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Most ambitious people in academe and industry keep mental illness a secret. But when those who succeed in spite of their illness are open about their struggles, it can give hope to those who face similar challenges. In that spirit, I offer my story.

Recently, the full professors of Claremont School of Theology rendered a unanimous vote to recommend that the Board of Trustees award me tenure.

In the academic world, tenure is a significant accomplishment to which many aspire from the early days of graduate school. It means job security – no small thing in these economic times. It also means I have the academic freedom to pursue the research of greatest interest to me and I cannot be fired because someone in the institution disagrees with the politics of my work.

One of the steps to get to this point was for me to keep records and evidence of the teaching, writing, research and service in which I have engaged, and then submit a curriculum vitae with said accomplishments listed in a particular rank and order. It quantifies what I’ve been doing for the last seven years or so.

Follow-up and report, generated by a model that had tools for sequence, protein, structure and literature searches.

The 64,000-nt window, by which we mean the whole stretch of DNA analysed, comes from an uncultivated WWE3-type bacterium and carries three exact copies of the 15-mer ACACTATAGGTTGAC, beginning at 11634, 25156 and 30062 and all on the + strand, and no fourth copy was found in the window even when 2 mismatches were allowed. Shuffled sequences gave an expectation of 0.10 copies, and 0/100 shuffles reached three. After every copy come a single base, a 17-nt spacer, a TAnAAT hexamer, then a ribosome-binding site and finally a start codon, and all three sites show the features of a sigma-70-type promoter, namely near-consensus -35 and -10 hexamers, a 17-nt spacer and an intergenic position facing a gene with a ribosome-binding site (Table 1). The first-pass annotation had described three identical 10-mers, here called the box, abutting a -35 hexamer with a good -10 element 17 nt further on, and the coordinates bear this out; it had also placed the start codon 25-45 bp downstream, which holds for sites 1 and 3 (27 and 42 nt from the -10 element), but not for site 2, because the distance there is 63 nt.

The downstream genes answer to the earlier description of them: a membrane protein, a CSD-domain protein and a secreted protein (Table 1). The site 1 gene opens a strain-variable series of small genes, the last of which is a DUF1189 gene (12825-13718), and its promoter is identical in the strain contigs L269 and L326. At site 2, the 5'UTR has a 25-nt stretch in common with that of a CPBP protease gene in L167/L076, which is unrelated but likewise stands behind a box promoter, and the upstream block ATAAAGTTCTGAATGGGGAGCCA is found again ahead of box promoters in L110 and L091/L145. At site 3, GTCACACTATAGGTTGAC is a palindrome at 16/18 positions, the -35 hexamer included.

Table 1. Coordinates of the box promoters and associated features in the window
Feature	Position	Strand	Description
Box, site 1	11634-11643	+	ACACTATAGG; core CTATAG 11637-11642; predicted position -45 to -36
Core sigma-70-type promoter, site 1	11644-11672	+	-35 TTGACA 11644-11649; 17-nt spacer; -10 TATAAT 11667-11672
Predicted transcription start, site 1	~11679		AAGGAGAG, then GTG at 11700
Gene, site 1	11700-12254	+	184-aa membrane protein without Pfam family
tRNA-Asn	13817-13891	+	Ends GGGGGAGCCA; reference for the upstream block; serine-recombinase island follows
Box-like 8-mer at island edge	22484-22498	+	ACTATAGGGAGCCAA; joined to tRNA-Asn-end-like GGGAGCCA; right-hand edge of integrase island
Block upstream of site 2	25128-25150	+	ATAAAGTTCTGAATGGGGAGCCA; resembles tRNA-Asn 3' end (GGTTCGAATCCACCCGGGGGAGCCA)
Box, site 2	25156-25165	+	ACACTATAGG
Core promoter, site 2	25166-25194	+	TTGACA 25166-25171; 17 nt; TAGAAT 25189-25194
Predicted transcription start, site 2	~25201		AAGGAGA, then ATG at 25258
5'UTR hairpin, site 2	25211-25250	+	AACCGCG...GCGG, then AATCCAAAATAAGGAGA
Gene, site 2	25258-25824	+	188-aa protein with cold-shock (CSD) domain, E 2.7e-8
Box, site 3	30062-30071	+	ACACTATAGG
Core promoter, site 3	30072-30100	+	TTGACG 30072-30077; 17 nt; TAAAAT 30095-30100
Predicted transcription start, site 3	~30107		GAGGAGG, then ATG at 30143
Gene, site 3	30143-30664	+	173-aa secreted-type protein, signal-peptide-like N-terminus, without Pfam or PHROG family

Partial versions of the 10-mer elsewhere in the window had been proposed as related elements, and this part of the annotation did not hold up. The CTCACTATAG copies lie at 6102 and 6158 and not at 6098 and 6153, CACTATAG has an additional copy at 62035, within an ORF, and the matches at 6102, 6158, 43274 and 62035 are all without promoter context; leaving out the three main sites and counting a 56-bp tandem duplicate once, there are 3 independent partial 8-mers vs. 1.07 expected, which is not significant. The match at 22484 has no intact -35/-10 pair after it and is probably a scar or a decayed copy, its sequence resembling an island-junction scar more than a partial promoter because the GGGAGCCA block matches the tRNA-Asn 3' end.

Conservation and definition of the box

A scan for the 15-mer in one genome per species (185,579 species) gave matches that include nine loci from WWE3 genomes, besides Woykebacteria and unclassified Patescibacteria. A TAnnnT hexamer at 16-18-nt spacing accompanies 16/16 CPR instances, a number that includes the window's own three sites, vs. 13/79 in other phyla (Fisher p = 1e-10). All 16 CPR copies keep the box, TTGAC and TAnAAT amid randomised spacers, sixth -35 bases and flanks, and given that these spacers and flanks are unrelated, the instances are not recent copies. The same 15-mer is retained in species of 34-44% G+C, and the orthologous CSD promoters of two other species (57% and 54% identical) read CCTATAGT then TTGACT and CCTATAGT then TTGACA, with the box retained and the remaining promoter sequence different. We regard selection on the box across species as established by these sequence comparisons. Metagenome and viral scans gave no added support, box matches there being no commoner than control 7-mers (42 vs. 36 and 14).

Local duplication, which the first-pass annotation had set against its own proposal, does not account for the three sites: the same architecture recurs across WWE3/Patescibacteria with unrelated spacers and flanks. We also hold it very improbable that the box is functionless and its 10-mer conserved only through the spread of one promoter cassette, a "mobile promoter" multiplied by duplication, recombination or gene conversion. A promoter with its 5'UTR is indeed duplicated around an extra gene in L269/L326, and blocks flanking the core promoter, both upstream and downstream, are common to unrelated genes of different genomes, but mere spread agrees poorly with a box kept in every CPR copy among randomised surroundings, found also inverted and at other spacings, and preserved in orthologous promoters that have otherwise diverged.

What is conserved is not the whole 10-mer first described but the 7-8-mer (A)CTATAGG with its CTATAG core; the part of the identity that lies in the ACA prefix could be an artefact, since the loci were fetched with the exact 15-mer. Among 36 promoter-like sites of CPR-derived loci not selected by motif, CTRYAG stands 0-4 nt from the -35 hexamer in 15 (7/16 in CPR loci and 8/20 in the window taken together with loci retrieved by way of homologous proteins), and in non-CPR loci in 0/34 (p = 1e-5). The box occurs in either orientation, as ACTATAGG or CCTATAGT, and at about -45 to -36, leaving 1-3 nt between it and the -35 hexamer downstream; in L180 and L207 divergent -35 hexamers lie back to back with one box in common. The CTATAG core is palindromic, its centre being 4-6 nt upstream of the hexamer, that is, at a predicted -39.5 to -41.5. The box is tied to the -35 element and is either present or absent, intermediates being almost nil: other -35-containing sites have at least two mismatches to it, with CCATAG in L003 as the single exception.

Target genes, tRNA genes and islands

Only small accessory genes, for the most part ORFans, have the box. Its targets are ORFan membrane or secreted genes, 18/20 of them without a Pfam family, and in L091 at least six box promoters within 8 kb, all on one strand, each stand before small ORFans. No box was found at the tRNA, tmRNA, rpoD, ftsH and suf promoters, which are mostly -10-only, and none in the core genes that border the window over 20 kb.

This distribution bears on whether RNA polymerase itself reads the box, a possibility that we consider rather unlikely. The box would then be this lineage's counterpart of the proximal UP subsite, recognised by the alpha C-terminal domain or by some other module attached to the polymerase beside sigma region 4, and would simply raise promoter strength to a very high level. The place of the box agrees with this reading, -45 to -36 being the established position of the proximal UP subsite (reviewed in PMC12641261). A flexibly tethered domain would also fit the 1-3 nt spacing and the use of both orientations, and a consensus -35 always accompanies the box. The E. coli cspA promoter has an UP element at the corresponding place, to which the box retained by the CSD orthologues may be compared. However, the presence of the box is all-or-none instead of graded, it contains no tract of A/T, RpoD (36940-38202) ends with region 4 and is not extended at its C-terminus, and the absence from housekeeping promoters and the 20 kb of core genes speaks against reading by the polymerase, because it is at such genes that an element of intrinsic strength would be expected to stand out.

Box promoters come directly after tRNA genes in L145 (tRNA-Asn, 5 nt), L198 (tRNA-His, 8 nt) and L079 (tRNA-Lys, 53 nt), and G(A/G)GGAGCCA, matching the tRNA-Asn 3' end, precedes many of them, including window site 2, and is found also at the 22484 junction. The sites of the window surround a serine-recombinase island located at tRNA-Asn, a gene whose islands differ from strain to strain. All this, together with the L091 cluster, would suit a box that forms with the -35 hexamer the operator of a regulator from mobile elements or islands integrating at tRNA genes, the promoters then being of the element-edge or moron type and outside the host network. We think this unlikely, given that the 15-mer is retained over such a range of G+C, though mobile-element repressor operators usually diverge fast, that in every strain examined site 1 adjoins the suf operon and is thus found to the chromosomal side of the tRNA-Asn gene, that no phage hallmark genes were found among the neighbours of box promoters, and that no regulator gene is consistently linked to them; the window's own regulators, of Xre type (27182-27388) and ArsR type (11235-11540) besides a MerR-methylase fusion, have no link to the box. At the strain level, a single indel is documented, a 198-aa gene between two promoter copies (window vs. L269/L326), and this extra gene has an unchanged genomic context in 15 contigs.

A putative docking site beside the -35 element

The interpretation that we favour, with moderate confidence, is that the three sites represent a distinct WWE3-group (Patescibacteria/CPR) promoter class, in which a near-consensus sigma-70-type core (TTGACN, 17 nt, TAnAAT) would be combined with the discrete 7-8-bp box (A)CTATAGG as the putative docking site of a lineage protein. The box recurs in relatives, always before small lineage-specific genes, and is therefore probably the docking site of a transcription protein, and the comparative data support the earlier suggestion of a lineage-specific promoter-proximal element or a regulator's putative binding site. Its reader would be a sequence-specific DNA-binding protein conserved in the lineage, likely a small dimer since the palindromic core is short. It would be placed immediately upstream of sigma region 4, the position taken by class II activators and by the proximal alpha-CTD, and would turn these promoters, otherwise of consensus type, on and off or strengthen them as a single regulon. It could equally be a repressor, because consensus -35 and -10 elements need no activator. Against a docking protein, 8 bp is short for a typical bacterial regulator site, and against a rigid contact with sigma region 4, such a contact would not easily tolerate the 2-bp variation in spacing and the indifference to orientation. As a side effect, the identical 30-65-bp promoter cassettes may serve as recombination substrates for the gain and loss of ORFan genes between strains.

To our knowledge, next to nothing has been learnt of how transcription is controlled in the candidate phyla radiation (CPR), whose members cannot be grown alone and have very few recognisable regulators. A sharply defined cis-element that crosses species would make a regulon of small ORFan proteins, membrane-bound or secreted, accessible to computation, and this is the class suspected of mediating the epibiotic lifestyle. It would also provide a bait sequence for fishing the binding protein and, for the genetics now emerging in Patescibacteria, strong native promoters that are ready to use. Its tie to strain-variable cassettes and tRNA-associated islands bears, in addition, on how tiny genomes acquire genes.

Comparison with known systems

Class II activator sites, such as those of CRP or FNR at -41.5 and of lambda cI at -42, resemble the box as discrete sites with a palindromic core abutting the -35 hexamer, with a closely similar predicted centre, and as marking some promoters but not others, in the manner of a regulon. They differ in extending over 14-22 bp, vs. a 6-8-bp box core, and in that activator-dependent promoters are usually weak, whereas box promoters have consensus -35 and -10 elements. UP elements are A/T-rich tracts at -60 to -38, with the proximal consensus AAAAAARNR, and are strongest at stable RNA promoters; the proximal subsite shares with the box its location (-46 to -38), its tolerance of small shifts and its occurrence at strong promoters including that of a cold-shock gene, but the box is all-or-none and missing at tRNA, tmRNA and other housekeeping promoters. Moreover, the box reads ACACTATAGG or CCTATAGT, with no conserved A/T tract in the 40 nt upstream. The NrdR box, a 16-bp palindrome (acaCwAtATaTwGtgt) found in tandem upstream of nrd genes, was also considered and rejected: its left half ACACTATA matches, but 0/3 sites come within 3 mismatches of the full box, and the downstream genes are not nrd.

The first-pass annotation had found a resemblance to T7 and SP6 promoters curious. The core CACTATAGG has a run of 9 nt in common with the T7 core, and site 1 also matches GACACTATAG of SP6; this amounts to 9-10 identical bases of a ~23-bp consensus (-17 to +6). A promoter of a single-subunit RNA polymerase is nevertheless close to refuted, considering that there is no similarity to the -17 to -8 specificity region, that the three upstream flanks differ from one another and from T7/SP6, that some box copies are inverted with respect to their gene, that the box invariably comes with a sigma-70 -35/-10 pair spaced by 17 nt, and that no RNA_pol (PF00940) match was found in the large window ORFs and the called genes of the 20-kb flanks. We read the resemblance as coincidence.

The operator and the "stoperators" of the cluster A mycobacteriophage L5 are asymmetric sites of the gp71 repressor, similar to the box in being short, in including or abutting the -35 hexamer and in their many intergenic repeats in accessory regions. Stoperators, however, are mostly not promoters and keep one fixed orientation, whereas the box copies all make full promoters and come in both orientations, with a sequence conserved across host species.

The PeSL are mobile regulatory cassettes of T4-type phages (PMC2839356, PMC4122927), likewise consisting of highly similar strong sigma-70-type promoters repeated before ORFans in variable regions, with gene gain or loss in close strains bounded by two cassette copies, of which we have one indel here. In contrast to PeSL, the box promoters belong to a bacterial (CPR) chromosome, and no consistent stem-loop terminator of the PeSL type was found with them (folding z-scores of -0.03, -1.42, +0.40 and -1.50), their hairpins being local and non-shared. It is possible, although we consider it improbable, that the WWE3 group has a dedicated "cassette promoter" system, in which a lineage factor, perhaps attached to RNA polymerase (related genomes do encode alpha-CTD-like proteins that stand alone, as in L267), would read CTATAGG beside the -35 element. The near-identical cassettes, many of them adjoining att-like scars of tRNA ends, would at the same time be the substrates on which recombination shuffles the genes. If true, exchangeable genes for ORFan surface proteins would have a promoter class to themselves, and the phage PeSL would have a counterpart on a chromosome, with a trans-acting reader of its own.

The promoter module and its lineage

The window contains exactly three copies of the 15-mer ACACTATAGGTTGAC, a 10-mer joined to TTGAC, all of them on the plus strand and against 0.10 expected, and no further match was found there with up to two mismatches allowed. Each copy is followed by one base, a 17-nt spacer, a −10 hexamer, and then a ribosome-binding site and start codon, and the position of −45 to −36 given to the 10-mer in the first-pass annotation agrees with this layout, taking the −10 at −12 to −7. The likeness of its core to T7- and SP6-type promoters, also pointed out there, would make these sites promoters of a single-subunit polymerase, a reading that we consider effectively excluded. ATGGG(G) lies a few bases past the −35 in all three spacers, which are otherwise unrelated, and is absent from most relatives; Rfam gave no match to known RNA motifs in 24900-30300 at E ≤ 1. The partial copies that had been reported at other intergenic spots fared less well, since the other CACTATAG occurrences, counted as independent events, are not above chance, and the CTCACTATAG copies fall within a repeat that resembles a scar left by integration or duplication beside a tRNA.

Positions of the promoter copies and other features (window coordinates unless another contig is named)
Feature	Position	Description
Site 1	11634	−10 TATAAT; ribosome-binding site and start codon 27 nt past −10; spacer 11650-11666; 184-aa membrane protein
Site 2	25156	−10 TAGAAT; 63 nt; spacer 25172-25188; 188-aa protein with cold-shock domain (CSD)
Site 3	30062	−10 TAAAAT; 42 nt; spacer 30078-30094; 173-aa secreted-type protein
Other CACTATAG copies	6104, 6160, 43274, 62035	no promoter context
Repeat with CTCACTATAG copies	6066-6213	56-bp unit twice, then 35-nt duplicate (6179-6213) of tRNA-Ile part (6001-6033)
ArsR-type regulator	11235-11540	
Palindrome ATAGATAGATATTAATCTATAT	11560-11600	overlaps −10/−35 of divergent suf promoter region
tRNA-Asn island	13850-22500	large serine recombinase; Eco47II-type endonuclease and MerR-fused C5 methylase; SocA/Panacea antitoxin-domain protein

I wrote two single-authored books; co-edited an anthology; and wrote seven refereed journal articles, six invited journal articles, six book chapters, six commentaries, three book reviews and two encyclopedia entries. I gave 10 keynote presentations and presented on over 40 academic panels or conferences. This is the stuff of tenure.

As I compiled lists and corresponding documentation, I became acutely aware of what was not on paper.  

I recall the experience of developing my career while living with severe depression. I experienced my worst suicidal ideation in the first year of my doctoral program. My mental and physical health was severely compromised for most of my doctoral program and through the majority of my pretenure academic career.

Many times I attempted to hide the reality of my condition and its impact on my work.

  • Always choosing the most expensive hotels during my guild's conferences so I could sleep in between academic sessions and return to another event.